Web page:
- Lots of people may be tempted to think Peter Dutton — known as a hardline conservative — would be a terrible leader of the Liberal Party.
- Dutton could well be a disaster. There are questions over his policy achievements, and Labor thinks it has the measure of him.
- But modern politics keeps on producing surprising results that fly in the face of conventional wisdom and the views of experts.
“They can’t be serious with Dutton,” read a text from the CEO of a tech industry company at 8am yesterday as a leadership spill loomed in the Liberal party room. “Surely not. Imbeciles.”
This will not be an uncommon sentiment among many onlookers this week, especially with Peter Dutton having come surprisingly close to blasting Malcolm Turnbull out of office in a leadership ballot.
The conventional wisdom runs that somebody like Dutton — who doesn’t have much of a national profile and whatever profile he does have is as a hardline conservative rather than a centrist — would be political poison for the Coalition.
But as we are seeing time and again in modern politics, conventional wisdom is often wrong.
Donald Trump’s election and Britain’s decision to leave the EU are the grand examples, but closer to home, consider the by-election in Longman. Conventional wisdom saw that as a likely close race and even an opportunity for the Coalition to snatch the seat back from Labor. The actual vote saw a big swing to Labor and a shock collapse of more than nine points in the Coalition primary vote — a result which, if repeated across Queensland, would see the Turnbull government comprehensively thrashed in a general election.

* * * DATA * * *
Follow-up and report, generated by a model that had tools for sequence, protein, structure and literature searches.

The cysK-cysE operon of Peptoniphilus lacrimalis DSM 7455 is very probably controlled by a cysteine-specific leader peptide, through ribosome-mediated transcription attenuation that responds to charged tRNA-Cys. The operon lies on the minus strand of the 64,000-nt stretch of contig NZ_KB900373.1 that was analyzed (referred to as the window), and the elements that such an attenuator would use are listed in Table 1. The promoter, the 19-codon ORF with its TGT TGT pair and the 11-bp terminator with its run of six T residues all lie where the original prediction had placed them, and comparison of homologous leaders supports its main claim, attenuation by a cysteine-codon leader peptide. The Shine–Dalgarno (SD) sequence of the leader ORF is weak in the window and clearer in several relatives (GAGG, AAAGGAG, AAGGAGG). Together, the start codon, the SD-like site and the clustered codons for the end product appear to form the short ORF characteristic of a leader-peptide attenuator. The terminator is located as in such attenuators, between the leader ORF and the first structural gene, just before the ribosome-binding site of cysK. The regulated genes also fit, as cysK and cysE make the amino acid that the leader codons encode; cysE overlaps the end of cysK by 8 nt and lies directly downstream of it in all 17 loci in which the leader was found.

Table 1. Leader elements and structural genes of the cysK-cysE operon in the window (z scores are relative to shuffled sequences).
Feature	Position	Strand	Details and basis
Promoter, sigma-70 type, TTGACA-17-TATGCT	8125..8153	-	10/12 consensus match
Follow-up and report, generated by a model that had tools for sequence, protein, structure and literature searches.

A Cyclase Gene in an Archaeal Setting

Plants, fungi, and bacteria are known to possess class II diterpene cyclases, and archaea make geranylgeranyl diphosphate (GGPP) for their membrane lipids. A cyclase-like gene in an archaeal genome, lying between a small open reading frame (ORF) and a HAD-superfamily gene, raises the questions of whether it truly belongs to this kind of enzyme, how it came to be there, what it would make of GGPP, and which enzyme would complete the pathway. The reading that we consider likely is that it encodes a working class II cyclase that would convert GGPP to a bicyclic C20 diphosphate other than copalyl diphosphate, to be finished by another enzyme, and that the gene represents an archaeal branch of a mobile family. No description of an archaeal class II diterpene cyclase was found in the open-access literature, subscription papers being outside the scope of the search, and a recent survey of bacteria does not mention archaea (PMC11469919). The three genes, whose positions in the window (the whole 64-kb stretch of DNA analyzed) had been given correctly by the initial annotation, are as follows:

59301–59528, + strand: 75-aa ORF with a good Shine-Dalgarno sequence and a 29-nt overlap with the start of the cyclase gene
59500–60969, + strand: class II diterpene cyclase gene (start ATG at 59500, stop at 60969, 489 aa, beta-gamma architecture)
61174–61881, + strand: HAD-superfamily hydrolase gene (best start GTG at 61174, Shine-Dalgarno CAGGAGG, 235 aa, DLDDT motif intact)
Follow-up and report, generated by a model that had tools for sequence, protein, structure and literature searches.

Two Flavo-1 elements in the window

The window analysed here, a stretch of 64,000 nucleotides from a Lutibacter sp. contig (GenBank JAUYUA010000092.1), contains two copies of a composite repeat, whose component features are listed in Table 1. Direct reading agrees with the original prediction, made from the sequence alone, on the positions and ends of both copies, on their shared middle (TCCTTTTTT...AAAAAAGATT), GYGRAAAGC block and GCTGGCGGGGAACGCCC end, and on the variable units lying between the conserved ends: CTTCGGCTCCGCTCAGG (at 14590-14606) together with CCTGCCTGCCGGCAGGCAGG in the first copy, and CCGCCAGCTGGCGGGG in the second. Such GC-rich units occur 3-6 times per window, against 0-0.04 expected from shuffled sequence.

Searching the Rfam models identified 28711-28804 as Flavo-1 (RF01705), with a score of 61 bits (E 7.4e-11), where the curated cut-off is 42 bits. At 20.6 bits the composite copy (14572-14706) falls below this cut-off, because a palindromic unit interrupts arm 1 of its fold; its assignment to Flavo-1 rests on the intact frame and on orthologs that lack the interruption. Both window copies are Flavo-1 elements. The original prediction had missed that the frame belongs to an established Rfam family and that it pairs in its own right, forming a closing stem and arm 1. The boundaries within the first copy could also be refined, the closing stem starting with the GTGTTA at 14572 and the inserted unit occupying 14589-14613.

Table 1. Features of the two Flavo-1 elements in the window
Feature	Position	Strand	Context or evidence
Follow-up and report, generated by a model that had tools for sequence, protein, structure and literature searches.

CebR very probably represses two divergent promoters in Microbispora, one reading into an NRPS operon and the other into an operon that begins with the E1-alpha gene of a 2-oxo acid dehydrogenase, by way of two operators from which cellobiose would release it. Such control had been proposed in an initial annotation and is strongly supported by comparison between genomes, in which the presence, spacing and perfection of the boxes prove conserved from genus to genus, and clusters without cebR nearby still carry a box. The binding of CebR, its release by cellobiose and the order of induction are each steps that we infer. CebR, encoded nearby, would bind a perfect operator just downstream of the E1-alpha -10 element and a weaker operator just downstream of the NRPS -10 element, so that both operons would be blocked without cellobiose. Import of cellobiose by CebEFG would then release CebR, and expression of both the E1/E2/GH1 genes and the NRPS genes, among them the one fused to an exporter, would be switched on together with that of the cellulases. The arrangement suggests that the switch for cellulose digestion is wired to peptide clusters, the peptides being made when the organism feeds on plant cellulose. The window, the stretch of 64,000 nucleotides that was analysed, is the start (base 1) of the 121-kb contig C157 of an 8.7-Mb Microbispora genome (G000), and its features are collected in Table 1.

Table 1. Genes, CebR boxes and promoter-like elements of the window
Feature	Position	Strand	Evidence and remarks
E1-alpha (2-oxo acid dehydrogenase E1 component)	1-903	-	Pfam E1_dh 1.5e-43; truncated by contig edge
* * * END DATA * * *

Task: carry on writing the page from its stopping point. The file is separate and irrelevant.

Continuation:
Across the disciplines of psychology and economics, there’s a lot of fascinating research into why people have such a difficult time coming to terms with long-term trends, even when they are patently measurable and observable. Hans Rosling’s book Factfulness — which Bill Gates says “an indispensable guide to thinking clearly about the world” — highlights this with its powerful examples of how consistently people seem to think the world is getting worse while in fact on a range of measures like income, health, and crime rates in advanced nations, life is demonstrably improving.
Much of this may be connected to the way we consume information through the news, which typically focuses on negatives.
Rosling’s bestseller focused on people’s failure to grasp some basic facts about the world. In economics, researchers like Richard Thaler have driven a new conversation about why economists continue to see economies as orderly when there is so much evidence that people’s real-world financial decision-making is highly emotional and erratic.